The C&I reader favorite will be honored for his decades of outstanding film achievements.
Oscar-winning actor, widely respected humanitarian and C&I reader favorite Jeff Bridges has been announced as the recipient of the Lifetime Achievement award from the Critics Choice Association. He will receive the honor during the Jan. 15 live telecast of the 28th annual Critics Choice Awards at 7 pm ET on The CW.
“We are thrilled to be honoring the one and only Jeff Bridges with the Lifetime Achievement Award at the upcoming Critics Choice Awards,” CCA CEO Joey Berlin said in a prepared statement. “From his debut with his dad on Sea Hunt, to his iconic performance as ‘The Dude’ in The Big Lebowski, to his Oscar-winning performance in Crazy Heart, right through his amazing work in The Old Man, his decades-spanning career is unmatched. We look forward to celebrating his incredible career before an audience of millions of fans on January 15th.”
Bridges, a seven-time Academy Award nominee and one of Hollywood’s most successful actors, has appeared in dozens of movies during a career that has spanned six decades, starting with his breakthrough in the 1970 drama Halls of Anger and continuing through the 2018 neo-noir thriller Bad Times at the El Royale. He earned his first Oscar nomination for playing small-town Texan Duane Jackson in Peter Bogdanovich’s 1971 filmization of Larry McMurtry’s The Last Picture Show, then reprised the role in Bogdanovich’s 1990 adaptation of McMurtry’s Texasville. He received his first Academy Award as Best Actor for his acclaimed portrayal of a self-destructive country music star in Scott Cooper’s Crazy Heart (2009). More recently, Bridges has earned rave reviews for his lead performance as a former CIA officer marked for death in the television series The Old Man.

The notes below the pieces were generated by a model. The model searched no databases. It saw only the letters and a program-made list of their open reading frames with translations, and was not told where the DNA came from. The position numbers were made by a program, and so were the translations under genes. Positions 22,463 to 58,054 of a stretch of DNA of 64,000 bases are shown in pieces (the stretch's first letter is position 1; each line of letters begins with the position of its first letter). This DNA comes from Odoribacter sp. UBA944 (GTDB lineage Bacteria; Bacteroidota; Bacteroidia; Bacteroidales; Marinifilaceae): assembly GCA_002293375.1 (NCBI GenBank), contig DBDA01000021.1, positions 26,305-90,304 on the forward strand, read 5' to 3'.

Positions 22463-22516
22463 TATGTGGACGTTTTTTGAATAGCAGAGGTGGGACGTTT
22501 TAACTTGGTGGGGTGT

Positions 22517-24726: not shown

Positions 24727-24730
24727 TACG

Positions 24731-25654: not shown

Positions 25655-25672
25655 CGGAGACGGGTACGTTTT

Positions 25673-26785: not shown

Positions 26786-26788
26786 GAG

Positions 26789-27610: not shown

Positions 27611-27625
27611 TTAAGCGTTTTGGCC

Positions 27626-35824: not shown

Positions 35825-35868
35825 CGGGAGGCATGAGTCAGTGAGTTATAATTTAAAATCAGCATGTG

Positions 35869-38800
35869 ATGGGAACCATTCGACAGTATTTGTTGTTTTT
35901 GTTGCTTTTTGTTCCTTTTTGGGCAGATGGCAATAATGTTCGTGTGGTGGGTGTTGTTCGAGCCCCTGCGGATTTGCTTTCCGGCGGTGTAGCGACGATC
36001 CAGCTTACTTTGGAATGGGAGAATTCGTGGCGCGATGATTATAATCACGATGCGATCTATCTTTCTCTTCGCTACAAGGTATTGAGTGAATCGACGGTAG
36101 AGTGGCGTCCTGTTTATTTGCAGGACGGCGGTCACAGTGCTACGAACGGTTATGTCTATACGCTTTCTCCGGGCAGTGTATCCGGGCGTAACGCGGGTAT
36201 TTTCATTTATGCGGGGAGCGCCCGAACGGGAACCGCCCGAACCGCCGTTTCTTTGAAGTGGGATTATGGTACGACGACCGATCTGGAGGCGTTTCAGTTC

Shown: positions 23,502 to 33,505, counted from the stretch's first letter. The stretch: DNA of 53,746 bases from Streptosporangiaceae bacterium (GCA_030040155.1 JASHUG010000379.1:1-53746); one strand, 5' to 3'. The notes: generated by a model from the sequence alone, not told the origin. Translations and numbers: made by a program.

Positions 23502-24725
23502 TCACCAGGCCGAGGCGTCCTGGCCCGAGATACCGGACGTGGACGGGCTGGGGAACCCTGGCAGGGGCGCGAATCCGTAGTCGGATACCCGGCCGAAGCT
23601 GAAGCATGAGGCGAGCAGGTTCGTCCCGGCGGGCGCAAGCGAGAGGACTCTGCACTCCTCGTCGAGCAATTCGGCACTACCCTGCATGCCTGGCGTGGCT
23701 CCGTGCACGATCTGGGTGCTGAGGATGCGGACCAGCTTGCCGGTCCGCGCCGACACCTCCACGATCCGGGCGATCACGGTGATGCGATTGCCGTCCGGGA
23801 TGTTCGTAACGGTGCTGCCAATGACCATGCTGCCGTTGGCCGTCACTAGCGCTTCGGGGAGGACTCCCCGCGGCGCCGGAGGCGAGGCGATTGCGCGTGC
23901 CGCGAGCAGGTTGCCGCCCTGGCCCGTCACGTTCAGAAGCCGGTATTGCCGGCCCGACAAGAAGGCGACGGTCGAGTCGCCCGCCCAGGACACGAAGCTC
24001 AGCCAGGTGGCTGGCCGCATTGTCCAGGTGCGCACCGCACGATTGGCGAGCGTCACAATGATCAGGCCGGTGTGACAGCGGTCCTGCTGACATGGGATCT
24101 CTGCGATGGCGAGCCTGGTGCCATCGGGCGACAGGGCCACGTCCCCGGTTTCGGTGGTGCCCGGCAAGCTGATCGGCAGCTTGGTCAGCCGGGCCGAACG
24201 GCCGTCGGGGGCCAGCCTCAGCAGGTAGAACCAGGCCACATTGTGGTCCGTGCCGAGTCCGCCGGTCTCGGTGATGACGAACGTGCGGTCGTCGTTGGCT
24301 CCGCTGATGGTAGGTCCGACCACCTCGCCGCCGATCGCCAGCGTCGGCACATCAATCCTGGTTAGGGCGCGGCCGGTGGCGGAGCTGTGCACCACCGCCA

Other career highlights include standout performances in John Huston’s Fat City (1972), Lamont Johnson’s The Last American Hero (1973), John Frankenheimer’s The Iceman Cometh (1973), Michael Cimino’s Thunderbolt and Lightfoot (1974), Bob Rafelson’s Stay Hungry (1976), Ivan Passer’s Cutter’s Way (1981), Taylor Hackford’s Against All Odds (1984), John Carpenter’s Starman (1984), Francis Coppola’s Tucker: The Man and His Dream (1988), Terry Gilliam’s The Fisher King (1991), Peter Weir’s Fearless (1993), and Joel and Ethan Coen’s cult-favorite comedy The Big Lebowski (1998).
Bridges reunited with the Coen Brothers to play Rooster Cogburn — the role that earned John Wayne his only Oscar — in True Grit, the 2010 remake of Henry Hathaway’s 1969 Western. Other notable Westerns or neo-Westerns on Bridges’ resume: Robert Benton’s Bad Company (1972); Frank Perry’s Rancho Deluxe and Howard Zieff’s Hearts of the West, both 1972; Michael Cimino’s Heaven’s Gate (1980); Walter Hill’s Wild Bill (1995); and David Mackenzie’s Taylor Sheridan-scripted Hell or High Water (2016).
Off-camera, Bridges — part of an acting dynasty that includes his late father, Sea Hunt star Lloyd Bridges, and brother Beau Bridges — has long been involved with charitable and public service organizations. Since 2010, he has been the national spokesperson for the Share Our Strength/No Kid Hungry campaign to end childhood hunger in America. After his recent battles with COVID-19 and Lymphoma, Bridges teamed with AstraZeneca to launch Up The Antibodies, a new campaign to remind millions of immunocompromised Americans that COVID-19 isn’t over.
Meanwhile, Jeff Bridges abides.
Note: The Critics Choice Association is the largest critics organization in the United States and Canada, representing more than 600 media critics and entertainment journalists. It was established in 2019 with the formal merger of the Broadcast Film Critics Association and the Broadcast Television Journalists Association, recognizing the intersection between film, television, and streaming content.